Cyril Trotfuck - Tue, 01 Jul 2014 08:00:40 EST ID:NqJL1ymG No.11515 Ignore Report Quick Reply
The process of turning the "a" to "er" is called the intrusive r, and it's a form of hypercorrection.

English accents are split between rhotic and non-rhotic, this happening I think in the late 1700s to the early 1800s. Non rhotic accents, pronouncing *all* er sounds as a spread whereever the English were dominant and populous barring areas with large Celtic populations; so most British territories of the time and later, as well as Boston, and barring places like the US, the Gaeltacht, or Canada. But as speakers where the er sound is always a came into contact with rhotic speakers on a frequent basis - e.g. the British dealing with multiple accents, Austrailians getting American tv shows imported, Bostonians with anyone else in America - they added it back in, but because the brain has them stored as allophones (since they merged) it applies to a sounds that weren't er sounds before. Wiki will probably tell you better.

Generally the sounds you're talking about are the open back vowel, which in the IPA looks like the open a in handwriting (as opposed to the a with the hook on the top), or the mid central vowel (looking like an upside down e) alternating with the mid central rhoticised vowel or the front open-mid rhoticized vowel ( appear each as the upside down e or a small, capital cursive e (or backwards round 3) with tiny hooks coming off the sides looking like the not stick part of a lowercase r, respectively).

I can't keyboard right now because arch keeps destroying my custom keyboard layouts when I update and I'm too tired and salty to not be lazy.
Ernest Grimstock - Wed, 02 Jul 2014 14:25:01 EST ID:qizTVHik No.11516 Ignore Report Quick Reply

I found this interesting, but just wanted to say I anticipated a smiley face in your post but I guess I just saw the '3)' in the corner of my eye.
John Nicklefield - Tue, 26 Aug 2014 08:22:10 EST ID:mPRdrUeT No.11632 Ignore Report Quick Reply
its hypercorrection if the /r/ is actually being pronounced, sure. Though I get the impression from OPs post that he's just on about unstressed vowel sounds

but maybe I'm wrong

Learning Norwegian by Frederick Clisslesag - Sun, 29 Jun 2014 13:53:18 EST ID:slZc18Ic No.11504 Ignore Report Reply Quick Reply
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What are some good resources/textbooks for learning Norwegian? I know the basics, and would like to learn more about the grammar, as well as some basic vocabulary.

independend language-learning methods thread by camwhore - Sun, 15 Jun 2014 22:28:33 EST ID:Q1OHbBLY No.11473 Ignore Report Reply Quick Reply
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I'm a Brazilian who taught himself how to speak Finnish in a little under 3 years. I'm not fluent, but I am fluent enough to communicate and be understood. I made this thread on 4ch0ng's /int/ (aka /b/ with flags), but no one got interested.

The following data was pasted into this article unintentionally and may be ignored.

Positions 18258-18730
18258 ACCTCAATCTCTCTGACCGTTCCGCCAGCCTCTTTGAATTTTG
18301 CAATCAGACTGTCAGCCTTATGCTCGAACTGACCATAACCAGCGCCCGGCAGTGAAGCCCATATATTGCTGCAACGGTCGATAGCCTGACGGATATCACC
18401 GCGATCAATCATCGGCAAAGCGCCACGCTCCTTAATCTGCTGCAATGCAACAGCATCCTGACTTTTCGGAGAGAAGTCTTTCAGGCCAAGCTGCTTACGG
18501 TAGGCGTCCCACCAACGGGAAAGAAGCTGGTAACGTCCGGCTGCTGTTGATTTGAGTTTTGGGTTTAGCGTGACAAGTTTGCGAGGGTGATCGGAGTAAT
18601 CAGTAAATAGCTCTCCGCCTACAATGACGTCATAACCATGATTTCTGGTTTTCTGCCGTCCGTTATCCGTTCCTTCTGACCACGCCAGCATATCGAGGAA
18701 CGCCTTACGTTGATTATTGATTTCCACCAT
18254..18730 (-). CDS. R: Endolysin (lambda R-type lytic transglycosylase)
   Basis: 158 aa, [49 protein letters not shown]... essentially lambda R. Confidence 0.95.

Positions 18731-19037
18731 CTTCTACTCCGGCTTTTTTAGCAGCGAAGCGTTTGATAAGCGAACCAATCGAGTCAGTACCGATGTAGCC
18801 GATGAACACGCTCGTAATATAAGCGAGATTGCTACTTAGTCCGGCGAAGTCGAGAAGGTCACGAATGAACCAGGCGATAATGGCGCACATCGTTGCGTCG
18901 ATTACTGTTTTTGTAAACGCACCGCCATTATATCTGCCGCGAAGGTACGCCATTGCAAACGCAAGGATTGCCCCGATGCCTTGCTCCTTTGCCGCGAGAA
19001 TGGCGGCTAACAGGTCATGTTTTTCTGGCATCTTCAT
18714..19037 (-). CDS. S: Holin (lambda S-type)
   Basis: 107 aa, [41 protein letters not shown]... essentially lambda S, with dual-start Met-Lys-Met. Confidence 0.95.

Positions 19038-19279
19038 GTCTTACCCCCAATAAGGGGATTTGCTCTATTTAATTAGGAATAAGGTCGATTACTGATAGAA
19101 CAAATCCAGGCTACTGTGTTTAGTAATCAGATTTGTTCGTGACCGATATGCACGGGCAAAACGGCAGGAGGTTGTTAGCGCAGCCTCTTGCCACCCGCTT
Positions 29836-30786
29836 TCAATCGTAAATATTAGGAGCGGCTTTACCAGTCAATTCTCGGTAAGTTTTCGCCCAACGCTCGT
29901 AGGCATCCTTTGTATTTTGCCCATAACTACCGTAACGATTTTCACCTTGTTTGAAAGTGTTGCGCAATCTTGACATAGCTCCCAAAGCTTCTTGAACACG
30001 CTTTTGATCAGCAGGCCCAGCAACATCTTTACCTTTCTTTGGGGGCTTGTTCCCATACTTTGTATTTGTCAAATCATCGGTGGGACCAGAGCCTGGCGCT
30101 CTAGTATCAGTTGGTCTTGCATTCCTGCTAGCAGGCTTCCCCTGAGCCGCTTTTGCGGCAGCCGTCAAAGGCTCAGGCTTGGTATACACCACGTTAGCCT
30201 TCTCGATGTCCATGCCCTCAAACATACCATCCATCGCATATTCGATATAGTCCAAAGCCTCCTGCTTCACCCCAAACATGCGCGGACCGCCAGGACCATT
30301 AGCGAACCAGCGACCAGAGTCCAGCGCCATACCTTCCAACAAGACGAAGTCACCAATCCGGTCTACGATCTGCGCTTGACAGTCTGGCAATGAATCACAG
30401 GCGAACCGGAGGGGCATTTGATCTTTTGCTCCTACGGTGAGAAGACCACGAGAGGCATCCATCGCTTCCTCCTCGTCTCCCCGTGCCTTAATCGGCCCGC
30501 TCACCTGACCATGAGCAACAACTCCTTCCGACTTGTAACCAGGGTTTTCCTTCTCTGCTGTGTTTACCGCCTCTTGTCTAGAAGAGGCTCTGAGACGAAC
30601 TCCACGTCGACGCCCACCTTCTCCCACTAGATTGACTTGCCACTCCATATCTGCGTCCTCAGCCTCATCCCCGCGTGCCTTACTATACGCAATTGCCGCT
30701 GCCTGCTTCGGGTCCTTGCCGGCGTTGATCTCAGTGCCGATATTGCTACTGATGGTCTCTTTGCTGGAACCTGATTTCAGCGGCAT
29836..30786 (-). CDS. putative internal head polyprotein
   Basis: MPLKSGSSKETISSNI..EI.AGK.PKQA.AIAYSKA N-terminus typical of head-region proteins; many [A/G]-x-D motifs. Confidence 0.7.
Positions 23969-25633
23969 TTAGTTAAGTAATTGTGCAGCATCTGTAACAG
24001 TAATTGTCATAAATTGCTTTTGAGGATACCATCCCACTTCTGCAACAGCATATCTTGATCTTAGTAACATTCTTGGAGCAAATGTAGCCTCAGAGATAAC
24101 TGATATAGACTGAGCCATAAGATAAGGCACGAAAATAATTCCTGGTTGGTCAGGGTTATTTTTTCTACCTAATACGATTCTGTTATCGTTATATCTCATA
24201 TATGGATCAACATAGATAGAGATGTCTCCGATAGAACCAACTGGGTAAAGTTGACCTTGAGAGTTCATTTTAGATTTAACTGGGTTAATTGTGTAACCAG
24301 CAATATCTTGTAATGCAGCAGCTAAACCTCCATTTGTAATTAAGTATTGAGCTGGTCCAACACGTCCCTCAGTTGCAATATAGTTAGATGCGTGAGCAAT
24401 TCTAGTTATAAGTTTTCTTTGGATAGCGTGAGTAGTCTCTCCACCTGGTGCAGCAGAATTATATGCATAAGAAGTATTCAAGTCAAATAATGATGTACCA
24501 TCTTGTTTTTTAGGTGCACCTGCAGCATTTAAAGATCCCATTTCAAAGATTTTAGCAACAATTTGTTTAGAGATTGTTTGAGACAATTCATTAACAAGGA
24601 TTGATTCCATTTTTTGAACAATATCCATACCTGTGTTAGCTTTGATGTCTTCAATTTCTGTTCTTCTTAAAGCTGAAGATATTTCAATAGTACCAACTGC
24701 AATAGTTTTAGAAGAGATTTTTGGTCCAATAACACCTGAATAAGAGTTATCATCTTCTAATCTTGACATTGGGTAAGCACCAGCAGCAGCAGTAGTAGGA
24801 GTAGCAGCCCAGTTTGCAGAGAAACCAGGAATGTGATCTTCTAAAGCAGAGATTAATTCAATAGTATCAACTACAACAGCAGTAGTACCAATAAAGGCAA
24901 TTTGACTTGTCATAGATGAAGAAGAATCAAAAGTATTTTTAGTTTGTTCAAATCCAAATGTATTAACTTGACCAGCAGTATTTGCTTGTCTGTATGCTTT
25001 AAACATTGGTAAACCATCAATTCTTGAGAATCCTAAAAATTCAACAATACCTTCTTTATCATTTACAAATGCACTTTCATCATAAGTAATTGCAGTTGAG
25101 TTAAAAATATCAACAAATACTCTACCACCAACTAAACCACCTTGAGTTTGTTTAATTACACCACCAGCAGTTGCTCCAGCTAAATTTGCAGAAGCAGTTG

I'd like to make this thread for those who are learning a language by themselves and maybe need a little help. Ask whatever you want and I'll see if I can help.

For those who are specifically interested in Finnish, I'll leave here some of the material and method I used to learn Finnish. However, I make it clear already that what fueled my motivation was an obsession I had with the language. Something almost autistic. So don't ask me where I get my motivation from because I can't help with that.


Handy consultation grammar book:

More grammar:
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Fanny Tootstone - Mon, 16 Jun 2014 04:44:07 EST ID:PEXXoxBv No.11474 Ignore Report Quick Reply
Yeah, well, thing is, motivation is the single most important factor in language learning. Finding actual means and methods is the easiest part, no matter how hard the language is — well, provided that it's not a totally obscure/ancient/dying language.

And in order to maintain motivation one must always seek out interesting content to work with, and not limit onself to textbooks (that almost always have very boring content).
Now, Lingq.com has a lot of flaws, but I definitely like its core concept that consists in merely assisting you in text absorption, by providing you with quick vocabulary/flashcards and word highlighting tool. Another great way to use this website is to get the LingQ Firefox extension — that way you can, say, open an interesting wikipedia article and then export it to LingQ, while staying on the original page. Only works if you have the paid account, otherwise your vocabulary size will be severely limited, which pretty much makes the entire service useless. It's $10 per month.
Martha Niggerdock - Tue, 17 Jun 2014 19:18:54 EST ID:6Y0p17FR No.11480 Ignore Report Quick Reply
What resources do you guys use? I'd like to learn Thai for various reasons. I'm a native English speaker and don't know any other languages. I've taken Spanish and French classes but I didn't do so hot.